What Trends are Driving Growth for the Microgrid Market?

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John Hostetter, Ameresco senior engineering & technology development lead, sits down with Microgrid Knowledge to share his views on what’s driving the microgrid market and the sectors and regions seeing the most activity.

How would you characterize the microgrid market now versus where it was last year? What changes have you seen?

John Hostetter, Sr. Engineering & Technology Development Lead, Ameresco

John Hostetter: The microgrid market is evolving and growing rapidly. Many governmental organizations are investigating the viability of microgrids to enable continuation of service during an emergency or power outage. Businesses are starting to see the value in avoiding lost productivity due to down time, and prices are going down while availability of equipment and knowledge in the industry is going up. The global health crisis brought on by COVID-19 has introduced a heightened awareness around the importance of healthy, safe, and resilient working environments. Many are keeping this front of mind as they implement re-opening strategies across the world. The consideration of microgrid and demand controls at this time could integrate on-site generation that adapts to facility usage in order to match demand rates and variable occupancy due to stay at home or work from home orders. 

Are there particular geographic regions that are exhibiting changes of note?

JH: The western United States, especially California, is seeing a large uptick in interest and viability of microgrids. With public safety power shutoffs and updates to the California Self Generation Incentive program (enabling certain facilities to receive a higher incentive rate with the installation of distributed energy resources on the customer’s side of the utility meter), microgrids are more viable and more affordable than ever.  

What sectors have become the most active and what is their motivation for pursuing microgrids?

JH: Several sectors have become active in pursing microgrids. The Federal Government set the stage for microgrid adoption — we’ve seen this in projects such as the Marine Corps Recruit Depot at Parris Island, Portsmouth Naval Shipyard, and the Joint Base San Antonio. Higher Educational campuses, K12, and Municipalities — such as McKinleyville, California — follow their lead. We’re also seeing a wealth of C&I customers consider energy resiliency needs as a top of mind priority in their operational reliability strategy to ensure critical operations can stay online in areas affected by unreliable grid sources and/or severe weather events. These sectors are evaluating the use of microgrids and how they fit into larger energy strategies, especially when thinking about being able to serve as shelters or provide services to their communities during a power outage.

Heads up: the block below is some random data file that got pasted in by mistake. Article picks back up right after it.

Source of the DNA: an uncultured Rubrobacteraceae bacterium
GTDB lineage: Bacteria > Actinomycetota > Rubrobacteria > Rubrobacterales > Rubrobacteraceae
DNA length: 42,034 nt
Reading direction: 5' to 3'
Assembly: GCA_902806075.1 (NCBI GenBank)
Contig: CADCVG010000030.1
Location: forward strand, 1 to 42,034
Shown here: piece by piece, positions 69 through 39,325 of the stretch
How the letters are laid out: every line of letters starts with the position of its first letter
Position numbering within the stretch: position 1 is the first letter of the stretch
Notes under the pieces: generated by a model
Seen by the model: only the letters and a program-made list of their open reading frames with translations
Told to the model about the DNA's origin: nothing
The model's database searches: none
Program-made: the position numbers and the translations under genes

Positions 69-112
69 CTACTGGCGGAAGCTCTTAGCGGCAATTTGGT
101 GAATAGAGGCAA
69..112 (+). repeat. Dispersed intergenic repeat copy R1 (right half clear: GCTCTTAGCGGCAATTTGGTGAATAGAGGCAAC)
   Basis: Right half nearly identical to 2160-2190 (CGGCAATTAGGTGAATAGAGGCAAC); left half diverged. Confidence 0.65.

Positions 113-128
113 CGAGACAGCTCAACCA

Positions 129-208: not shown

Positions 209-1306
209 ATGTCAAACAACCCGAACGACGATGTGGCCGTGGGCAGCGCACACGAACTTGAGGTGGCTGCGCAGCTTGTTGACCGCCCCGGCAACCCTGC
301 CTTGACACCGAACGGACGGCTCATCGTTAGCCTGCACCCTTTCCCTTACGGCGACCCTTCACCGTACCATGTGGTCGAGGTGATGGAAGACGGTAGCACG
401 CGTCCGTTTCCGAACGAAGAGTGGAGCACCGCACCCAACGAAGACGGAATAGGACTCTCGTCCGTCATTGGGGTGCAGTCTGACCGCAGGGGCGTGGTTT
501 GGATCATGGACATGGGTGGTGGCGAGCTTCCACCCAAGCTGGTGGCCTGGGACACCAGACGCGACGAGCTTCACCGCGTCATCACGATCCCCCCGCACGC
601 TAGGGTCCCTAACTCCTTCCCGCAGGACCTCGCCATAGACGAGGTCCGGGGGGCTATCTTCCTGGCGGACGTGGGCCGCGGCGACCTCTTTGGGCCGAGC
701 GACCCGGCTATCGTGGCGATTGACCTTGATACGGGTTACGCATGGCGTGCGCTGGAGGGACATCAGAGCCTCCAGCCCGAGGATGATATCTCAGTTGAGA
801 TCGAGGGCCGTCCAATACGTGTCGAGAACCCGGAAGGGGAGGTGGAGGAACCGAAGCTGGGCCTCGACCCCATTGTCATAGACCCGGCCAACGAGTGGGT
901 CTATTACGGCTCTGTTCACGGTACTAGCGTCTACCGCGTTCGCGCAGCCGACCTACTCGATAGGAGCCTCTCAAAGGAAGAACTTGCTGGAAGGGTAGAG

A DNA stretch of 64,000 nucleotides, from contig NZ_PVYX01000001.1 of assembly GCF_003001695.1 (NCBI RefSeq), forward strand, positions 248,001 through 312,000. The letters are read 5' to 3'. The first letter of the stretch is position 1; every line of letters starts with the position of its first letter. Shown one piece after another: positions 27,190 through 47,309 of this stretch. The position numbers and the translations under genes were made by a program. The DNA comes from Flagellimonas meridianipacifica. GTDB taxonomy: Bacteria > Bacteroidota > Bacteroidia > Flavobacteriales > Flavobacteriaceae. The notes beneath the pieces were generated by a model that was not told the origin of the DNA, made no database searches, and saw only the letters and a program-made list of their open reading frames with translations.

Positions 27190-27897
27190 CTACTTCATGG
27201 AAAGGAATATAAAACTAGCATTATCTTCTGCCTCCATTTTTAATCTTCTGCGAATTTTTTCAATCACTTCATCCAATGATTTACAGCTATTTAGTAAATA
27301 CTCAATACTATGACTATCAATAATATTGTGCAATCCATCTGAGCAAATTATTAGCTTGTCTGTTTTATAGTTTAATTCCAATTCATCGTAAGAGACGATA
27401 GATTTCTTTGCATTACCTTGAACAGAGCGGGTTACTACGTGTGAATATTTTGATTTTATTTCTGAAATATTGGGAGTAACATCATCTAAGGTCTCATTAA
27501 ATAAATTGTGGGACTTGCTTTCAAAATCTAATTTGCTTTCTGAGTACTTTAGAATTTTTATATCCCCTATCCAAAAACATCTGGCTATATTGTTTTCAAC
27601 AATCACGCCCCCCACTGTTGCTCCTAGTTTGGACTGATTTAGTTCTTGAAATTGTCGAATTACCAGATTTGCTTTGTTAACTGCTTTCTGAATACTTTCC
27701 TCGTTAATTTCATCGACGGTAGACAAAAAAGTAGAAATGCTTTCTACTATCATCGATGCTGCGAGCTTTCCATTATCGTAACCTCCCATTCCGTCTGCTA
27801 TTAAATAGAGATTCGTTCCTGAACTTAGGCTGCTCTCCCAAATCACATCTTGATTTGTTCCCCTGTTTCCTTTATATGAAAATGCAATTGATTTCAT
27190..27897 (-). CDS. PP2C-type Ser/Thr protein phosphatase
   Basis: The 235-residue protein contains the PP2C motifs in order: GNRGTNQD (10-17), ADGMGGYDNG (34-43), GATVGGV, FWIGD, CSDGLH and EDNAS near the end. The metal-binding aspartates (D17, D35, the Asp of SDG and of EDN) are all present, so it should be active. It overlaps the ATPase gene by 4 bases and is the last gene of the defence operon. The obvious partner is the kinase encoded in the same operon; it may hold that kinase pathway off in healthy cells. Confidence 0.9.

Have you seen any evolution in microgrid pricing or technology over the last year?

JH: Yes, regarding the evolution of both pricing and technologies. Costs are in decline as the availability and reliability of equipment continues to rise.  In parallel, technology continues to advance with the inclusion of more sophisticated control systems, more readily available equipment such as smart switch gear, and more cost-effective energy storage modes — we have seen tremendous growth, all to improve project design to meet a customer’s specific requirements.   

Has Ameresco positioned itself differently or re-framed its strategy as a result of changes in the market over the last year?

JH: Ameresco remains nimble and has been able to expand our portfolio along with the market to meet our customers’ needs, while keeping an independent mindset. We have evolved our position as a market leader in the energy services space to include a broader bench of expertise across our portfolio of solutions — including distributed energy resources, microgrids, and storage — as part of our standard offering. We continue to incorporate the most advanced technologies into our comprehensive solutions, first supporting customers with efficiency improvements followed by generation and management of the energy load that is needed. The COVID-19 pandemic has renewed our sense of how important energy resiliency is for building owners and occupants, and how energy efficient upgrades and microgrid and demand controls can be a part of the conversation.

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Comments

  1. Interesting and very exciting to see Fed initiatives, thanks for sharing the details.
    Other than resiliency and falling DER prices, I see Energy Arbitrage as a big driver for Microgrids.

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